A floor plan system is a collection of processes designed to accumulate, organize, and report on inventory that is financed for a dealer. The goal of a floor plan system is to facilitate the dealer’s purchase of inventory for sale while managing the risk to the financial institution.
To integrate a new floor plan system into an organization it must go through a process referred to as an “implementation.” An implementation involves a series of steps that begins with a plan and ends with the achievement of a “go live” milestone.
The following list of steps is an overview of the implementation process for a generic organization. Various factors influence the design and the related implementation steps required to achieve the go-live plan.
An implementation should begin with a project plan. The plan should list all milestones, the related timeline, and the resources required to get from the beginning to the end of the implementation.
An individual should be designated as the implementation’s project manager. The project manager will be responsible for managing the implementation team. It is recommended that the implementation team be comprised of stakeholders who come from cross-functional areas within the organization. This way, the process will include individuals that are representative of the areas that have a vested interest in the new system.
Data Conversion Plan (Mapping)
An implementation needs to consider whether data from the existing floor plan system needs to be converted into a format that is compatible with the new floor plan system. Depending on the system “coming from” and the system “migrating to,” the data conversion process could be relatively simple or complex. Data mapping is an element of the conversion process.
Conference Room Pilot
The implementation can include a Conference Room Pilot (“CRP”). A CRP is an essential step in the implementation. The purpose of the CRP is to expose managers and power users in attendance to the functionality of the new system and identify opportunities as well as limitations of the transaction processing in the new system compared to the transaction processing of the old system. In some cases, users will have to adapt to the new system and in other cases the new system might have to be modified. During the CRP opportunities for process improvement are frequently identified.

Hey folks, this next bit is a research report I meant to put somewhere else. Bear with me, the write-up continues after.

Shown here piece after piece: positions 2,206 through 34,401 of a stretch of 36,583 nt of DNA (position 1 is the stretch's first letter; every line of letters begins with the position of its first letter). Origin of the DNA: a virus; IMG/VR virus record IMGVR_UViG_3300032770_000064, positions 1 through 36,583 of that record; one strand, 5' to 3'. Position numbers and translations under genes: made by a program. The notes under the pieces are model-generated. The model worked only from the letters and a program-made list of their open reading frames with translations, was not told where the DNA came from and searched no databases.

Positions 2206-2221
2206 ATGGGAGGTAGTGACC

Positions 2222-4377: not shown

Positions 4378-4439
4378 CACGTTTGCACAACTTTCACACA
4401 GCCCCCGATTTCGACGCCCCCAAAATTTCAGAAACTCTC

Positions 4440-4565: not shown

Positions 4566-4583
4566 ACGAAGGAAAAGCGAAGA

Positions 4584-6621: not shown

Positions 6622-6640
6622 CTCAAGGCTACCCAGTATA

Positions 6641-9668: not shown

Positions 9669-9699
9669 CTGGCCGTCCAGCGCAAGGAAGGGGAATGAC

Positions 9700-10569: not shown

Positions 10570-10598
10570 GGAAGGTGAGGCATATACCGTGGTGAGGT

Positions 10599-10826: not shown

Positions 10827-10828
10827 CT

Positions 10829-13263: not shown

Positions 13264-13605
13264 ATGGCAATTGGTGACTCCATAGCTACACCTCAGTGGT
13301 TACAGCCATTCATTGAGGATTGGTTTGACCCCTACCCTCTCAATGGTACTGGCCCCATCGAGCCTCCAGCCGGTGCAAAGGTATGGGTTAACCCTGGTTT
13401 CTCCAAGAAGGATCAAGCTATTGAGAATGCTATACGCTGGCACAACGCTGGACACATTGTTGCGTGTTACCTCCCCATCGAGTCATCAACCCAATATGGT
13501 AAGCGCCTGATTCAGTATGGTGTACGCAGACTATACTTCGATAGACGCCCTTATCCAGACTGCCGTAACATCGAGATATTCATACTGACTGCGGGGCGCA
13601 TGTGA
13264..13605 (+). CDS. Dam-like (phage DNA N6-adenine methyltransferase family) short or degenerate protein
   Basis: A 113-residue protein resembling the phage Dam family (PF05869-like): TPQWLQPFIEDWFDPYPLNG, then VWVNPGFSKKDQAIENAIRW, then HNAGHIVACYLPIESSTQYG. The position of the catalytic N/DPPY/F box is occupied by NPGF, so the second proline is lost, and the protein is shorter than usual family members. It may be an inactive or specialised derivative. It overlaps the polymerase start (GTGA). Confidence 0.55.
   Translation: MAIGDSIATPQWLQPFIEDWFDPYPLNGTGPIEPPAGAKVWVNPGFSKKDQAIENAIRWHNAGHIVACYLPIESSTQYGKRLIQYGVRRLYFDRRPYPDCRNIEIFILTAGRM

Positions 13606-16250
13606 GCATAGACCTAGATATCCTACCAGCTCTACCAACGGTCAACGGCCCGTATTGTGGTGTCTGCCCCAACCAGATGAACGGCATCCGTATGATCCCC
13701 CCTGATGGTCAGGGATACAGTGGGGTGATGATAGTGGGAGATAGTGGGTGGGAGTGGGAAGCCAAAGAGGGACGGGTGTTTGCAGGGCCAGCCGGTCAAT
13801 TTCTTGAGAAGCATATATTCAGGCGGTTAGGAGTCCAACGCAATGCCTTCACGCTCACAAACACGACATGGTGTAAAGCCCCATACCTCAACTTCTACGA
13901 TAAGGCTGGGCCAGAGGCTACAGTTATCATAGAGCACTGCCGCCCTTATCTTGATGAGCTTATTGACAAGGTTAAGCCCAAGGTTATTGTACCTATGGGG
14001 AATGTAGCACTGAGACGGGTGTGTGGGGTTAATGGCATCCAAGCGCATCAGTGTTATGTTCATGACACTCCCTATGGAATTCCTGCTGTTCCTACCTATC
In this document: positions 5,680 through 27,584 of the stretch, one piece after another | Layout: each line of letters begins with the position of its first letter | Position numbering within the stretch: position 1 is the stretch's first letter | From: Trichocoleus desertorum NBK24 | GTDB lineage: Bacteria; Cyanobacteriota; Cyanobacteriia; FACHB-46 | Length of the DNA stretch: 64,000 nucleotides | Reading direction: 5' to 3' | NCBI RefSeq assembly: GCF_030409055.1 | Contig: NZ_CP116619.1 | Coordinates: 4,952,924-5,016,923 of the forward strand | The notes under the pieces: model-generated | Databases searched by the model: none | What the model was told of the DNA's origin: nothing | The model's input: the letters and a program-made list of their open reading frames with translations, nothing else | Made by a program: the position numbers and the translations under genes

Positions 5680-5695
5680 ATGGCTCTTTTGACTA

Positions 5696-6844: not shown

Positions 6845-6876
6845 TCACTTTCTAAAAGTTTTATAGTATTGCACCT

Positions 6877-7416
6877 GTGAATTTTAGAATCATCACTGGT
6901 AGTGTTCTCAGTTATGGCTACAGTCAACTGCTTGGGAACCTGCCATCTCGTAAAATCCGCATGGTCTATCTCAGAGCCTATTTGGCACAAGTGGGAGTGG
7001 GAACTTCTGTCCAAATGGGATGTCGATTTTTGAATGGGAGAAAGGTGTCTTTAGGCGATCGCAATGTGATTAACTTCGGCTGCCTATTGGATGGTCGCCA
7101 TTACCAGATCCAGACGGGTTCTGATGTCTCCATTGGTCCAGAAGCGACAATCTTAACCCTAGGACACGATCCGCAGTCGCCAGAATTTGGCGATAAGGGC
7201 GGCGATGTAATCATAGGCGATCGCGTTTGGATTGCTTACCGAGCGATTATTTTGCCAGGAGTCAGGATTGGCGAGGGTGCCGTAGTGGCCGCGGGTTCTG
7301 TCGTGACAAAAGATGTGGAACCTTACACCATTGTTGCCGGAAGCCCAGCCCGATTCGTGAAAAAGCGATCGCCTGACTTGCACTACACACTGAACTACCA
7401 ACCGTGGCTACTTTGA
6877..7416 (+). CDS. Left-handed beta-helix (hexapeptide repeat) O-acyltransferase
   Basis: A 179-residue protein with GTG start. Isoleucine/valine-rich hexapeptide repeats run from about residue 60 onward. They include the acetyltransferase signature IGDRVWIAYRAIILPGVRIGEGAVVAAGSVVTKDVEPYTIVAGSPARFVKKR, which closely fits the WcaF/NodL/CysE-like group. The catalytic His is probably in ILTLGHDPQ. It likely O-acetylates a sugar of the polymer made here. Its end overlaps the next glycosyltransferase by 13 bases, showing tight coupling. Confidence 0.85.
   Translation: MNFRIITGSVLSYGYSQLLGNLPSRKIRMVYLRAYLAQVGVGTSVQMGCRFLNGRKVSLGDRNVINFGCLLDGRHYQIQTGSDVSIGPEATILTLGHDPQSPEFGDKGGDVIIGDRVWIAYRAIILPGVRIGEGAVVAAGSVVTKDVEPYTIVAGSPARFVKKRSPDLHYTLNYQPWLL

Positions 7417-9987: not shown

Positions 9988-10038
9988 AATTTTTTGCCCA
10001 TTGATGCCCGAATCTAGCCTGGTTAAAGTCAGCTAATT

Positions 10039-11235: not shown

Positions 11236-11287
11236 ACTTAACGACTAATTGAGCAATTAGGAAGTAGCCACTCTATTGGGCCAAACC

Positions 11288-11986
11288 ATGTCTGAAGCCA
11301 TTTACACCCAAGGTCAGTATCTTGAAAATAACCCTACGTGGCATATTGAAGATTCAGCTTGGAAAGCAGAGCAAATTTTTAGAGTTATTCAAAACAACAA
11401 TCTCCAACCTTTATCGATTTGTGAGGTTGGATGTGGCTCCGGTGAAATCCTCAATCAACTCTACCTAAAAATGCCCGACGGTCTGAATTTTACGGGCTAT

At the end of the CRP there may be a determination that one or more of the applications in the new system needs to be modified to better facilitate the processing of the organization’s transactions. On the other hand, the CRP might reveal opportunities for process improvements.
As mentioned earlier, one of the expectations of a new floor plan system is to generate reports to assist management with the decision-making process. A common difficulty (“opportunity”) encountered in an implementation is the ability to satisfy users who request that the system provide reports that are the same as the reports users are already accustomed to. Frequently, to satisfy this request, custom reports will have to be created.
Training on how to use the new system is an investment of resources that needs to take place both before and after the go live. Management should recognize that certain processes might take longer because of the ramp-up speed with a relatively unfamiliar system. Hopefully, the investment in training will mitigate this slow-down.